Georgia's Online Cancer Information Center

Tamara Lopata: "Participating in a clinical trial was a way to take back my power. I felt like being on a clinical trial put me in control."

Tamara Lopata

Tamara was diagnosed with breast cancer on her 47th birthday. “Just a few months before I found the lump, I had a feeling something was going to change in my life. Of course, I didn’t expect a diagnosis of breast cancer! I had no family history of the disease and I kept up with my annual mammograms. But, when I found this lump I knew it was something different.”

According to Tamara, her team of doctors moved very quickly. Dr. Jayanthi Srinivasiah, of Georgia Cancer Specialists who is Tamara’s medical oncologist says, “Tamara was an ideal candidate for a clinical trial. She was enthusiastic about participating from the very beginning.”

Tamara and her husband were pleased that the team of doctors from DeKalb Medical including surgeon Dr. John Kennedy and radiation oncologist Dr. David Holladay, met with them personally to review treatment options. “We agreed that the clinical trial was the best approach for me,” states Tamara, “and Emily, the navigator, held my hand throughout the process.”

“Participating in a clinical trial was a way to take back my power. I felt like being on a clinical trial put me in control. The trial gave me a chance to thank all the women before me who were on trials and to help other women who would have breast cancer in the future.”

“Actually, we learned pretty quickly that the chemo I was given was effective – the size of the tumor decreased by about half before I had the surgery. Unfortunately, losing my hair was worse than the chemo! But I had a beautiful wig and went on with my life as a mom of two kids who were only 6 and 12.”

According to Tamara, she learned a lot through her experience with cancer. Tamara says she had to accept help from friends, co-workers and family who brought food and picked up the kids from school.

“One of the big surprises was that blogging was part of the healing process for me,” she says. “Before I started blogging I felt like my light was being extinguished by the cancer; but, after I began telling my own story, getting positive feedback online and ending each post with a positive thought, my light began to come back,” she says with a big smile.

Tamara’s confidence grew as her treatment progressed. She gives credit to “Dr. Jay” and the team at Georgia Cancer Specialists and DeKalb Medical for their compassion and the excellent care. “With their help, I began to feel that I could get through the treatment. The clinical trial and the blogging put power back in my hands. If you think cancer is in control, all hope is lost. My advice to cancer patients is to put yourself in control.”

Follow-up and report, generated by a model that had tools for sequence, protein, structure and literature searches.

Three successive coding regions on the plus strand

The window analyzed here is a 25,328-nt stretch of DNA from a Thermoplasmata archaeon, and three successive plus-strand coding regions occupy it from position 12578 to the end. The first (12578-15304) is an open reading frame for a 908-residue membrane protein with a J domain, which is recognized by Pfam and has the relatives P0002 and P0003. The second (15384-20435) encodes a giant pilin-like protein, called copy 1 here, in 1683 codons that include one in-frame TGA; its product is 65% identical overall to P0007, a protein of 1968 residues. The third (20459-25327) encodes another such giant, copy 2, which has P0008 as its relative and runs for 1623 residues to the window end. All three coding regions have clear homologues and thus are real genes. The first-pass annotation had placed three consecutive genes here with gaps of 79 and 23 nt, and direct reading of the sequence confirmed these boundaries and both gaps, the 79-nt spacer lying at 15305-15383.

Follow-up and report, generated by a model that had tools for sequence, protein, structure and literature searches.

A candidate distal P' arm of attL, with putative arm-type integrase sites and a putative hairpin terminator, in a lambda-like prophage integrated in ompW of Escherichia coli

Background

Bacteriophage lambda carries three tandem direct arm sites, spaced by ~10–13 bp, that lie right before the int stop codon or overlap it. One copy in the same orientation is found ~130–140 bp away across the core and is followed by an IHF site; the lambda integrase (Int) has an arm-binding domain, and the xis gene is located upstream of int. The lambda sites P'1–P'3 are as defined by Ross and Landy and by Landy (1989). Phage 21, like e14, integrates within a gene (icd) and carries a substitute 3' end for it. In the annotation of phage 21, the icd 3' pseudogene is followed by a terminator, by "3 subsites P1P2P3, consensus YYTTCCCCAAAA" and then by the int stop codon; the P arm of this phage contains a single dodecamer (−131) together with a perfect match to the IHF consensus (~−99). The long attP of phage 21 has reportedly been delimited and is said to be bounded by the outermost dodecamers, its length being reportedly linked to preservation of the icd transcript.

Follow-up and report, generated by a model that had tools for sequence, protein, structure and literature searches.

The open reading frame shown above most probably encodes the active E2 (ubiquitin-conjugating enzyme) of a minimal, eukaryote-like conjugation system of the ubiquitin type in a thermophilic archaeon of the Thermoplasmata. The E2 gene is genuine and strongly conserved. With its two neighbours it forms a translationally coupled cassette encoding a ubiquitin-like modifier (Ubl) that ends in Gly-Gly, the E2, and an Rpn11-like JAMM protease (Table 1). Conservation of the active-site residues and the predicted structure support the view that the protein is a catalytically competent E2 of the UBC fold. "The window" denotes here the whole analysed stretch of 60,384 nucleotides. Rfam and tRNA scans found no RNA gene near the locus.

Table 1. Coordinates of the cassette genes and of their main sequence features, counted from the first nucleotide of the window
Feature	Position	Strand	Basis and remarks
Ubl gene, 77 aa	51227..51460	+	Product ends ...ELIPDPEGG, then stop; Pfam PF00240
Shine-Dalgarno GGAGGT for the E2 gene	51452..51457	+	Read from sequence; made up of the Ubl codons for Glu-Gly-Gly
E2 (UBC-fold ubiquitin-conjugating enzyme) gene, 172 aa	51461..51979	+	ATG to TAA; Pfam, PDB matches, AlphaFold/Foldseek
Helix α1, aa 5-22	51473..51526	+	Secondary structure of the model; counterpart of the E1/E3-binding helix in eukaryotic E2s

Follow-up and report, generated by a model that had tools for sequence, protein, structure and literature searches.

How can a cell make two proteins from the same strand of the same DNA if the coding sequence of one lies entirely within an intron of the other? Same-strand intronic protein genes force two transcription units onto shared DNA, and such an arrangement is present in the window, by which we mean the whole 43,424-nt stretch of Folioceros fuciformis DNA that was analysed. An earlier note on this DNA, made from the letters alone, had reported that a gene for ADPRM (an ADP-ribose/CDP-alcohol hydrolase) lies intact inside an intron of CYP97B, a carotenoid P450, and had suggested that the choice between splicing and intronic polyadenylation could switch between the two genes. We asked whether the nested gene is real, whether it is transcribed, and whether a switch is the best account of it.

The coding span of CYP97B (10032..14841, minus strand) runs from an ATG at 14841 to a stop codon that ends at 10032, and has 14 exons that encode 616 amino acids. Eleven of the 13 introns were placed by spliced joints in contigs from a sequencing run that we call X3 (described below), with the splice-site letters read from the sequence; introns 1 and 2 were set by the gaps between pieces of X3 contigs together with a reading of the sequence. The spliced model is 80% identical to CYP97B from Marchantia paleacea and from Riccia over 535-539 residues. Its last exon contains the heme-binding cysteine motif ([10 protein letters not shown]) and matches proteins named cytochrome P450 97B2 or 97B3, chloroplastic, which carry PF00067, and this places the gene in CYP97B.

Back to Survivors' Voices

Cancer Survivorship Connection

Guest Editorial: A three-time cancer survivor should not get COVID-19, but I did

Cancer patients and survivors should not get COVID-19. A three-time cancer survivor should definitely not get COVID. But I did. And it was not good. Here is my story and the lessons I learned that might be of value to others.


Survivors helping others survive

Three women, three cancer survivorship journeys, three missions resulting in nonprofits started to help and support others fighting cancer.


Despite pandemic, Georgia’s Colorectal Cancer Control Program making significant strides

Thanks to funding awarded by the Centers for Disease Control for five-years beginning July 2020, Georgia CORE and Augusta University are partners in the Georgia Colorectal Cancer Control Program, which is increasing CRC screenings in southeast and southwest Georgia.


Georgia CORE


Advancing Cancer Care through Partnerships and Innovation

Georgia CORE is a public-private partnership that creates collaboration among the state’s cancer organizations and institutions to connect more Georgians to quality, personalized cancer care. We welcome you to this one-of-a-kind online information center for all things related to cancer and survivorship care in Georgia.